This is How A Backflow Preventer Installation Should Be Done

There’s a right way and a wrong way to do everything — even backflow preventer installations. For years, backflow preventers were installed in vaults and basements because engineers thought that that would be the best way to protect the equipment. We’re getting smarter about where and how to go about backflow preventer installations and Doa Meade is leading the charge.

Doa Meade is the director of infrastructure management for the Las Vegas Valley Water District. She is a big proponent of above-ground installations of all valves, backflow preventers and meters. Not only do outdoor, above-ground installations save time and money, but it is the safest place to put your equipment.

We recently spoke to Doa about this topic and the detailed cost analysis she recently did that may surprise engineers everywhere.

What We’ve Learned About Backflow Preventer Installation

One of the things Meade and her team learned over the years is that you can put a backflow preventer and a meter in the same enclosure, above ground, in essentially the same footprint as a vault. “We also learned that we didn’t need to have dual backflows when you brought the whole thing above ground because they’re more than looped throughout the site. And we didn’t need any extra space for pipe length. We realized that we can reduce the size,” Meade says.

Utility Vaults Are Expensive To Build and Maintain

Underground utility vaults are dangerous. According to data collected by the U.S. Department of Labor (USDOL), Bureau of Labor Statistics (BLS) Census of Fatal Occupational Injuries (CFOI) program, nearly 100 fatal injuries occur in confined spaces each year and almost five million confined space incidents are reported annually.

Vaults also flood, which increases the risk for cross-connection. And they cost a lot of money to build and maintain. 

“It costs about $50,000 per vault to construct and you need two of them because they’re looped,” Meade says.  “And it’s at least a month’s worth of building a vault before it can take water,” she points out. 

“It costs $20,000 to $30,000 to go above ground. If you go above ground, you’re just bringing your piping up out of the ground and all you’re doing is pouring a concrete pad,” Meade says. “You can get that whole assembly constructed, tested, and passed in one week. So, what we have now is a very efficient, above-ground installation.”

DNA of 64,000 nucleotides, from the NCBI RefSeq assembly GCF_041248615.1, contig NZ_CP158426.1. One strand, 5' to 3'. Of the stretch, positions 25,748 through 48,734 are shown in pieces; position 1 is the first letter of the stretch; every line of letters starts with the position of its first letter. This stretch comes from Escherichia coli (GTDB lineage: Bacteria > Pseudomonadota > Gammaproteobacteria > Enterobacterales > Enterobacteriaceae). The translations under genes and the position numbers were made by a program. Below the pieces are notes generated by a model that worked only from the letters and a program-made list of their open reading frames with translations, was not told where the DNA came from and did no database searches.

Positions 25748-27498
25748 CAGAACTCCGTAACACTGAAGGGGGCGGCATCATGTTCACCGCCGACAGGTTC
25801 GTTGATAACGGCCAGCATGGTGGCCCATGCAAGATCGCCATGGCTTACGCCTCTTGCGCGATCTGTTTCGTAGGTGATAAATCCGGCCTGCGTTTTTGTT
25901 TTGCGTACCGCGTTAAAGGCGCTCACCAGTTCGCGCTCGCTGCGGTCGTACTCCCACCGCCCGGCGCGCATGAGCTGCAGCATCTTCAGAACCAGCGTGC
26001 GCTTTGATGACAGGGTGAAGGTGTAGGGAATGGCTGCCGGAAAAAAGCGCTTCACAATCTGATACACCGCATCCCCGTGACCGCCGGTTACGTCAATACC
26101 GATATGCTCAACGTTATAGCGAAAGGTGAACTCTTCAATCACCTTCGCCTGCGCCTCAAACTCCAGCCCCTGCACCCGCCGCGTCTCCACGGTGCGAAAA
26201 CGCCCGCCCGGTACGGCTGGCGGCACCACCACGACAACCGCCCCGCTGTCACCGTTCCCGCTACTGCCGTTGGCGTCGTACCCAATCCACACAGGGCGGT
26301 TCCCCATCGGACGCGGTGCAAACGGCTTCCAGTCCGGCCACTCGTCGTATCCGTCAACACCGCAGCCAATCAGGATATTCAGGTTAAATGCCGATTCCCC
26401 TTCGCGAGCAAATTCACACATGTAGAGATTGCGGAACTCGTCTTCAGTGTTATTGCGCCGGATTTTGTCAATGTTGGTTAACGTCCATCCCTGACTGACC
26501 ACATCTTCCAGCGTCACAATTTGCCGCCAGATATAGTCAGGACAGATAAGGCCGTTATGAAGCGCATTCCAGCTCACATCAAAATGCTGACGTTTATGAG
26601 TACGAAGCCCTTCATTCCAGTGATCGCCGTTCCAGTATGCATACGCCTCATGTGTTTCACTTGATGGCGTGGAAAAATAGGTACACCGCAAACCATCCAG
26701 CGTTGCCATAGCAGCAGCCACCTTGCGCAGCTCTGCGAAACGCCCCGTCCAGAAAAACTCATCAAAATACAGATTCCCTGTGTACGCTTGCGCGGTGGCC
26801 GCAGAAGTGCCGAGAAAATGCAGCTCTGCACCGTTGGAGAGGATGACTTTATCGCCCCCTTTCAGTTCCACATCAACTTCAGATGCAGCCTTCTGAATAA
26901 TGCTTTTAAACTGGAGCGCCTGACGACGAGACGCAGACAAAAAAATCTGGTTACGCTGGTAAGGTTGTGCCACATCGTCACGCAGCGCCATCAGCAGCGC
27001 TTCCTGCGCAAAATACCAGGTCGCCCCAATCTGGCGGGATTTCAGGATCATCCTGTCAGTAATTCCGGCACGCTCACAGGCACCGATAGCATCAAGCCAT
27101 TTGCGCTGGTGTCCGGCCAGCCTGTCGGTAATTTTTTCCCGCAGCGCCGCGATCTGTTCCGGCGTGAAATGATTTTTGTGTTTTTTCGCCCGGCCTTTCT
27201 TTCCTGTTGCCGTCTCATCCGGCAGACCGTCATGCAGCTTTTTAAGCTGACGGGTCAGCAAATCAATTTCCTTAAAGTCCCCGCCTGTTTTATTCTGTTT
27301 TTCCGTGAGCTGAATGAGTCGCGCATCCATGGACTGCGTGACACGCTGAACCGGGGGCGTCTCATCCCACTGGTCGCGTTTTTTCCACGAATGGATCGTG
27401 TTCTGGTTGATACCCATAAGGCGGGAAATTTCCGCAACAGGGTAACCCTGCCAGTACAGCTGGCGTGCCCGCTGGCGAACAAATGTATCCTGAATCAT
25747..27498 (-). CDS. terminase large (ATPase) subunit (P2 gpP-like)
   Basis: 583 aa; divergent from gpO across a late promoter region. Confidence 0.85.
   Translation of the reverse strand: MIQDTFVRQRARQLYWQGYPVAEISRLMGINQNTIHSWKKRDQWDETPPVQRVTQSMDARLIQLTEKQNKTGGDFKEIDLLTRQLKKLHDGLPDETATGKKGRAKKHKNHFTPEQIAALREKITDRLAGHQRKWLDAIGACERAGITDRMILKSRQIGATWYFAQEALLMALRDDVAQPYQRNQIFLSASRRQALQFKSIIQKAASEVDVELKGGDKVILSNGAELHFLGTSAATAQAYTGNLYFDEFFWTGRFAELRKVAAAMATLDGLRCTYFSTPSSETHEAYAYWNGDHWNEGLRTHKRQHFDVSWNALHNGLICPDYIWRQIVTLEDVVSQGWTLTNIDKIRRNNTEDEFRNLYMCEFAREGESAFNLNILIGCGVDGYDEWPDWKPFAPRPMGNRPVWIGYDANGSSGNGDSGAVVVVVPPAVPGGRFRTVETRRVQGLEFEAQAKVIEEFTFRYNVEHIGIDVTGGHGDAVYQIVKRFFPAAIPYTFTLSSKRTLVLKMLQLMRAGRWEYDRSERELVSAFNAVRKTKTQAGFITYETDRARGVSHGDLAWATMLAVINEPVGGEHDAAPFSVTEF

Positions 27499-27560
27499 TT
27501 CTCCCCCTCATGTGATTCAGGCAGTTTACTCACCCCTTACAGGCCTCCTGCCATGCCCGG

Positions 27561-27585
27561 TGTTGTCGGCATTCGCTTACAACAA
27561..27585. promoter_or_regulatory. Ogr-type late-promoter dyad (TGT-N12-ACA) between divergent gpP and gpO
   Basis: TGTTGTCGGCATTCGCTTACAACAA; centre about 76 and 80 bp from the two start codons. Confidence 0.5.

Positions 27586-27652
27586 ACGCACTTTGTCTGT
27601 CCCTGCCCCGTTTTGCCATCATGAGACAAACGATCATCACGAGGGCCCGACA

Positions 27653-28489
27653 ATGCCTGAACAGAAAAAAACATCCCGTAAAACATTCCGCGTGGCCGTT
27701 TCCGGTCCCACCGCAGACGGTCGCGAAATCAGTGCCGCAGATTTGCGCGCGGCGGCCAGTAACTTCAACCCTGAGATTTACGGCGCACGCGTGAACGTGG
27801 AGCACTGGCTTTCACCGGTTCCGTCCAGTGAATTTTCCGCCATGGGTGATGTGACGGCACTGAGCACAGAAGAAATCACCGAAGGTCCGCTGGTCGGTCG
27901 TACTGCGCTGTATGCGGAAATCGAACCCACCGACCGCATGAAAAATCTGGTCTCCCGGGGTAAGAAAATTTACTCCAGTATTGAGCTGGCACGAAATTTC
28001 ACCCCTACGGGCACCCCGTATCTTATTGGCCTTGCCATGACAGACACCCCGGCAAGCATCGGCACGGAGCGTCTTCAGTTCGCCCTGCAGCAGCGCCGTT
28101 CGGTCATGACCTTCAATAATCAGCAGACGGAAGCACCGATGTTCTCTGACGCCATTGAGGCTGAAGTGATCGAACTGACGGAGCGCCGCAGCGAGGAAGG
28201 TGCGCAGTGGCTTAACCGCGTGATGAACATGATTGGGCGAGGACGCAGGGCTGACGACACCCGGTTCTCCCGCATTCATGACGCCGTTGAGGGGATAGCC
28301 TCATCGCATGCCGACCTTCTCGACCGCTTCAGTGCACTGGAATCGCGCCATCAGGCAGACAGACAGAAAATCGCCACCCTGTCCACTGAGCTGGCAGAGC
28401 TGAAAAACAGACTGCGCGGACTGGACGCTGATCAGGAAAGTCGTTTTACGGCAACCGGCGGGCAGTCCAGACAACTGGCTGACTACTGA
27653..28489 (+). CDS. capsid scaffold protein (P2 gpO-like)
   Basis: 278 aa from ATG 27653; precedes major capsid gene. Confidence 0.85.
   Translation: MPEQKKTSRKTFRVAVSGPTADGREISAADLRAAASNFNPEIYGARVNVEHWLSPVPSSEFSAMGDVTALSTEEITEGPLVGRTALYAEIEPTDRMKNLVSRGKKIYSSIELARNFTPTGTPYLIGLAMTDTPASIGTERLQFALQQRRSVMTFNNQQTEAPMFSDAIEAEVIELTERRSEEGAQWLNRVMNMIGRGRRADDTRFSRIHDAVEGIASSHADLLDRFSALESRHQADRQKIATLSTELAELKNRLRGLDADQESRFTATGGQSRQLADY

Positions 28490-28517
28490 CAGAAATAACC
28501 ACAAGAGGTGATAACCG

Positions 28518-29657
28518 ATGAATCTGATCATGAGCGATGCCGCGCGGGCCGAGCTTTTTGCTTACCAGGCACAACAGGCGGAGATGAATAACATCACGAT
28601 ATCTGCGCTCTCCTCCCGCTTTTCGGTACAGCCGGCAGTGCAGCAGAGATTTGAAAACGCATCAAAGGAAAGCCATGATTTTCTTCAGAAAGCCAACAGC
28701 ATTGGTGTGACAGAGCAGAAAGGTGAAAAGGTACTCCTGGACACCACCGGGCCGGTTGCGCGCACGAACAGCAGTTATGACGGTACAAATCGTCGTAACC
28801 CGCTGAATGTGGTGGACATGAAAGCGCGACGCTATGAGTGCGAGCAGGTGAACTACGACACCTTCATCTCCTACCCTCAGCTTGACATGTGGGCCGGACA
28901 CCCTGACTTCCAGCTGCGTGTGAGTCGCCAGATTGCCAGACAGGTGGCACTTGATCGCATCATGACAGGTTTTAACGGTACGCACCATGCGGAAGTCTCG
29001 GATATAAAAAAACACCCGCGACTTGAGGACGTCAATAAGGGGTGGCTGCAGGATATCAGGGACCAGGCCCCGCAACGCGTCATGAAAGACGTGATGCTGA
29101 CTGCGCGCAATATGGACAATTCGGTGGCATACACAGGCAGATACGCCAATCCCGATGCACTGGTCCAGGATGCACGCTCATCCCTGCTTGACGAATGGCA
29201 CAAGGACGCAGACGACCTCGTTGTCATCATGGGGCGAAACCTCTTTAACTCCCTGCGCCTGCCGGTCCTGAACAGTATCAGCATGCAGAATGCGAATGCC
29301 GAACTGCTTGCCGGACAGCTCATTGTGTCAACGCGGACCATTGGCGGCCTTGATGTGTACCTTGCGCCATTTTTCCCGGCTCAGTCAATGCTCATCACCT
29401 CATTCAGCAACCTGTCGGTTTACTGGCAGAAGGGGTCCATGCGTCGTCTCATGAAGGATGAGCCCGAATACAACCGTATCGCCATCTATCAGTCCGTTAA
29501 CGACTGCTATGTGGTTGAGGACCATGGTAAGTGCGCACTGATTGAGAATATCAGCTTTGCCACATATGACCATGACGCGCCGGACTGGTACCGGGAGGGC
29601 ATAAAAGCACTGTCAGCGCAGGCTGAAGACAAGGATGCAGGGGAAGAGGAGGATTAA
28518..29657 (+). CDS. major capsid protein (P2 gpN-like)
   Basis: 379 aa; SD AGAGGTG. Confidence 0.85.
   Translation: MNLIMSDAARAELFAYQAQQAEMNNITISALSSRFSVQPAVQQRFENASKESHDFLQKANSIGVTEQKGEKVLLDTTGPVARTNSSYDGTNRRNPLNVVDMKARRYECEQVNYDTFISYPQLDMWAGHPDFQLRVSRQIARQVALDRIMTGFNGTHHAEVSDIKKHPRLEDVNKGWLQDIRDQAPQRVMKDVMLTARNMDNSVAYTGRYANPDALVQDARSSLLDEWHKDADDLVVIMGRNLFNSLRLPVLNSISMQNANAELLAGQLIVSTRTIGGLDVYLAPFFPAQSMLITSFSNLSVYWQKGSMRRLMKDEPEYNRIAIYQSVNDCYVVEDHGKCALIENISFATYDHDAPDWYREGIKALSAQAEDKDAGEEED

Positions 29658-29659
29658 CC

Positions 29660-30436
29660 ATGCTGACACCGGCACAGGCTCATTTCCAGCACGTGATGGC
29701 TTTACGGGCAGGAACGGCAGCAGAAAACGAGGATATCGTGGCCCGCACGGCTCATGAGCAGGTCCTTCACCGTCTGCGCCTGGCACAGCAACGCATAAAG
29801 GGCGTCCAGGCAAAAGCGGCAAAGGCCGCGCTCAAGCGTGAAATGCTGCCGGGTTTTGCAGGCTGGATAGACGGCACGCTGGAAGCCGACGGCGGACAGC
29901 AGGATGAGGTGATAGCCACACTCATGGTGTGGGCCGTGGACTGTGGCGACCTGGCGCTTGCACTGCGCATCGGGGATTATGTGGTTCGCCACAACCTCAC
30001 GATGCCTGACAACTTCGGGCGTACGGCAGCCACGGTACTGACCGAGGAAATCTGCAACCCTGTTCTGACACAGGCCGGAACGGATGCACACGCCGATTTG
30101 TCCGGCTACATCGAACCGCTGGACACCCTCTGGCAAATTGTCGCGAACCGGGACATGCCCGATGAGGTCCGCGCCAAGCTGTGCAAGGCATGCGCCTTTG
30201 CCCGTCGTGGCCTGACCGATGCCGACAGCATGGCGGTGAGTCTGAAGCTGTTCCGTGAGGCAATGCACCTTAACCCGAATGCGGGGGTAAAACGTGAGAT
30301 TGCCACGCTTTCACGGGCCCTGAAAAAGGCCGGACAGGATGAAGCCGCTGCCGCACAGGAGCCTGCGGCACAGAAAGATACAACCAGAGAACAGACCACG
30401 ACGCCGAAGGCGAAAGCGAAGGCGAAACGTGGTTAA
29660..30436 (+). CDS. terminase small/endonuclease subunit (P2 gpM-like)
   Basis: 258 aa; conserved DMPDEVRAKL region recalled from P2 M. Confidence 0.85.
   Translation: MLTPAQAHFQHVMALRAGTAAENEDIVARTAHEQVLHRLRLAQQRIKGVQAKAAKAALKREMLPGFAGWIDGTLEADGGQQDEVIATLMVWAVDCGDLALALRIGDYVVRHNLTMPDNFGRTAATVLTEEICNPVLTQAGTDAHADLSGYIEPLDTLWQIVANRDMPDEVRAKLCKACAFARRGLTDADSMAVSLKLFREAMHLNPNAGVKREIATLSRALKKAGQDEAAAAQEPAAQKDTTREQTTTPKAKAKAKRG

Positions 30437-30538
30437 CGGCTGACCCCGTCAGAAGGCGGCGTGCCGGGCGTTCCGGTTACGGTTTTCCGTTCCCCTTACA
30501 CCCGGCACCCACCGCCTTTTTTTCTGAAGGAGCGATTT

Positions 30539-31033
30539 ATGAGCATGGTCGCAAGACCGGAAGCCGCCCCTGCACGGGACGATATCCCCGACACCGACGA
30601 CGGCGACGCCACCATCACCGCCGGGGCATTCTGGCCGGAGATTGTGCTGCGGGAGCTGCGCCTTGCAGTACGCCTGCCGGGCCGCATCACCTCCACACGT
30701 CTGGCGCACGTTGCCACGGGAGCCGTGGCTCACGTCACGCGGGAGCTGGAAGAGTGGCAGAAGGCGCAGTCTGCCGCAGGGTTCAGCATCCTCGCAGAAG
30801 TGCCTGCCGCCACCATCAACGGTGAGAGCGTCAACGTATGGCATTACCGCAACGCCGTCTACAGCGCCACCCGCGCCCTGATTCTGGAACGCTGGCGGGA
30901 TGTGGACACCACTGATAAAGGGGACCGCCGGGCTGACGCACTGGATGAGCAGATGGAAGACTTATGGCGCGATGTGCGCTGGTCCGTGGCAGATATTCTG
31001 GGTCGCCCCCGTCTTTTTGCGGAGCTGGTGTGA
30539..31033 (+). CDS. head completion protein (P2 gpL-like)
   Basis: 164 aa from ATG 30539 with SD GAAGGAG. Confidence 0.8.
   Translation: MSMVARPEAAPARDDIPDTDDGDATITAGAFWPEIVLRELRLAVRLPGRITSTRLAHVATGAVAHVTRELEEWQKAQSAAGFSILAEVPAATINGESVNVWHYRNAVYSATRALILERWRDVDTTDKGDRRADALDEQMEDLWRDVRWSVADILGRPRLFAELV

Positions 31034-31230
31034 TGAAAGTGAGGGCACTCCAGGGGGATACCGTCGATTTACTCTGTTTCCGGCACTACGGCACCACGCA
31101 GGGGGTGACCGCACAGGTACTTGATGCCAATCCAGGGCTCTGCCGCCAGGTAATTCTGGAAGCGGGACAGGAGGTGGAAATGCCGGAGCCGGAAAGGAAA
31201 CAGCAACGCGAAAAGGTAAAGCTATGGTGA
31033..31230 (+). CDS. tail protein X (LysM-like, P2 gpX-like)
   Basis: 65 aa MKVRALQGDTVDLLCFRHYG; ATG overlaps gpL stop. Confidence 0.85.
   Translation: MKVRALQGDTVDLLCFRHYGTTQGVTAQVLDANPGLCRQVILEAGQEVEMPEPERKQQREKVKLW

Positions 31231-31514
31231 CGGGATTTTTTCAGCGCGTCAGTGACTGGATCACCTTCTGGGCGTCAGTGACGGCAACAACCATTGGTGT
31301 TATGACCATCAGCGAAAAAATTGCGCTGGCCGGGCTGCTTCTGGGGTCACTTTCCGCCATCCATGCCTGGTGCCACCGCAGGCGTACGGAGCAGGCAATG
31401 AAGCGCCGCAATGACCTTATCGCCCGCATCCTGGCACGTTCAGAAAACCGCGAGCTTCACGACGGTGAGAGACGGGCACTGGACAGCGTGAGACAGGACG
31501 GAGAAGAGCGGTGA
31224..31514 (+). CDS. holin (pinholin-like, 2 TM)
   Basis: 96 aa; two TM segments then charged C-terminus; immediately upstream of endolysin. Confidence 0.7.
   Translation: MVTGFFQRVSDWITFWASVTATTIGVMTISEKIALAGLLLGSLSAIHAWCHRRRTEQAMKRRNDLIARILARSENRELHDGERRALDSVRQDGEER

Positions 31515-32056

Above-Ground Backflow Preventer Installations Save Money

For a developer — time is money. She recently did a detailed cost analysis of the above-ground installation versus vault installation and found significant savings. Developers are saving about $60,000 in labor, per project, installing backflows and meters in the same above-ground enclosure. 

Developers who like to rehab their vaults are also saving money. Meade says a typical vault rehab costs about $15,000 compared to the $20,000 it costs to move a backflow preventer installation and meter above the ground, but the additional $5,000 is made up in the first year on maintenance alone. 

That’s because when annual testing is performed, only one technician is needed. No longer do you need fall protection equipment or a sniffer for gas. You don’t have to do sumps, it’s no longer a two-person job.  

And developers are getting the message. “We’ve had one project in the last three years that actually requested a vault. Everybody else is going above ground now, simply because it saves them a lot of money,” Meade says. Above-ground enclosures that are designed and manufactured to meet the requirements of ASSE 1060 are not only popular in Las Vegas. They’re growing in popularity across the United States. If they’re not as common in your part of the country — make the switch. Our “Engineer’s Guide to Industrial Enclosure Design” can get you started. 

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